One of our favorite investors here at The Acquirer’s Multiple is Mohnish Pabrai. Pabrai is the Founder and Managing Partner of the Pabrai Investments Funds, the Founder and CEO of Dhandho Funds, and the author of The Dhandho Investor and Mosaic: Perspectives on Investing?.
- Hedge Fund of funds Business Keeps Dying Every Year
- Emerging Hedge Funds: Can They Outperform?
- Baupost Letter Points To Concern Over Risk Parity, Systematic Strategies During Crisis
- AI Hedge Fund Robots Beating Their Human Masters
Morningstar Investment Conference: Using Annuities In A Portfolio For Added Stability
One of the best Pabrai interviews was one he did with our good friends Preston and Stig at The Investors Podcast. During the interview Stig and Preston asked some great questions on all things investing, here are a couple of them:
Stig asked Pabrai:
Despite your massive success, you humbly call yourself a “cloner” of other fund managers. How can we learn to follow in Buffett and Munger’s footsteps?
Pabrai’s response was:
Warren and Charlie have been very generous as they have shared a lot of their wisdom in the public domain. The first question for people that want to follow the footsteps of Warren and Charlie is are you wired for it? The psychological template of who you are as a person is determined by genetics and early childhood experiences, which cannot be easily changed. If you are wired to be a high-speed trader, you are probably not going to be happy with Warren and Charlie’s style of investing. Figuring this out is not easy as it takes effort to evaluate the choices of how you spend your time and the amount of satisfaction you get from doing certain activities. Warren and Charlie have an intense passion for reading and learning new things. If that is also a part of your intrinsic personality, then you are on the right path of following Warren and Charlie. It is not a path for everyone, but people can certainly pick up great habits to align with their approach.
Here’s Part 1 of the interview:
Stig also asked Pabrai:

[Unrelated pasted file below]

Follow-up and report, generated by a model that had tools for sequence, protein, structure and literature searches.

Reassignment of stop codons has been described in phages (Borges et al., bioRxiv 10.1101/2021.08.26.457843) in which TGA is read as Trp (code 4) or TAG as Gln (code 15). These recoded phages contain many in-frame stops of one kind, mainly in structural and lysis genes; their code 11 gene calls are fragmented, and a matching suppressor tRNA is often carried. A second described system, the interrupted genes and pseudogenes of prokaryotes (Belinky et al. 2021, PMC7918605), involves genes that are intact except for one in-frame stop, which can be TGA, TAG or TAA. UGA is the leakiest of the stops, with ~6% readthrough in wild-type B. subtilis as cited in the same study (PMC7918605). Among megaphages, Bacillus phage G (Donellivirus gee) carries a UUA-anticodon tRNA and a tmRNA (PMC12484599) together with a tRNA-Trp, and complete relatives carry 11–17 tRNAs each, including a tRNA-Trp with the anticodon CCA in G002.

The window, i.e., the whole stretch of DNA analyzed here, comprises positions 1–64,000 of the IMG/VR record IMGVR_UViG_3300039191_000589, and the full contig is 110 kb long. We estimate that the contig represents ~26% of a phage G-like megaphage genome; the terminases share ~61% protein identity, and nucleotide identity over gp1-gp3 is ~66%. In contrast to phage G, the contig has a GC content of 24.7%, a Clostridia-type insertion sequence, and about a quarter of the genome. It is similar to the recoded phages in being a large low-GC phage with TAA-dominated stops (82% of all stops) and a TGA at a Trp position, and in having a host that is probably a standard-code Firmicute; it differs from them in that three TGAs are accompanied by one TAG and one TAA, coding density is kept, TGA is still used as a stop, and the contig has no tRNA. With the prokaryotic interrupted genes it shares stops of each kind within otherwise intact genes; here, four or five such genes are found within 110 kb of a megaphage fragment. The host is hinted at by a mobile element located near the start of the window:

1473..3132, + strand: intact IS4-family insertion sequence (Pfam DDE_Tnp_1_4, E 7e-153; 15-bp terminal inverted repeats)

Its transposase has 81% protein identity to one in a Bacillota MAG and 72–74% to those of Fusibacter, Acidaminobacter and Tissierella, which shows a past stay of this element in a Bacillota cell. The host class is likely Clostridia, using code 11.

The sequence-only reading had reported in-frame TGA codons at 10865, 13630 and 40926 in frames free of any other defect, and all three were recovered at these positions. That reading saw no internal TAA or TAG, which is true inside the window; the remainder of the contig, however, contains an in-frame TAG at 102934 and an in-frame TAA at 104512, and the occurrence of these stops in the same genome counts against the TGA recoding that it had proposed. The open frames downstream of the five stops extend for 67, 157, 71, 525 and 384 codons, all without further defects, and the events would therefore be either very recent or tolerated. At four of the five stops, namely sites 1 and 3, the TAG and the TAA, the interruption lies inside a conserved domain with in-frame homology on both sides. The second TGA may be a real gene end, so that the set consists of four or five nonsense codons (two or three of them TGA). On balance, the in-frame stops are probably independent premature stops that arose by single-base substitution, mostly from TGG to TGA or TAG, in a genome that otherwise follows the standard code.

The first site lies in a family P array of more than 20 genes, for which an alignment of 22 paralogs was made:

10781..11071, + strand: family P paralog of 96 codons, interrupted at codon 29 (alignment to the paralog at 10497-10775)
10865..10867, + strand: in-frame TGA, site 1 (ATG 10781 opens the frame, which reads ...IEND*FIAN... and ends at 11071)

You said in an interview that you do not like to have analysts. I suspect that the reason might be because one would unconsciously be influenced to invest in a company simply for the sake of investing not necessarily because it is the right decision.
Pabrai’s response was:
Before starting my own investment funds, the only models I was aware of were those of Warren Buffett and Charlie Munger. Their models made a lot of sense to me, so I cloned them. There are several aspects to the way Warren and Charlie run their business. What I discovered only several years later was that their rules were not random. Rather, they were thought through intensely. One of the rules they hold is that they have no analysts and even today, Buffett does not have analysts.
This might seem odd for a huge company like Berkshire Hathaway. I used to assume that this decision was based on keeping costs low and focusing more on performance. Later I realized that it is advantageous to not have an investment team because having analysts means you are missing out on learning about the businesses you are investing in. Buffett has said previously that no part of the investment process should be outsourced. A young analyst has once told me that he was assigned to study U.S. railroads. The problem with this is that the question should not be which railroad company is the best to invest in. It should be which companies are the best investment options out of all the possibilities of various different industries.
Here’s Part 2 of the interview:
Article by Johnny Hopkins, The Acquirer's Multiple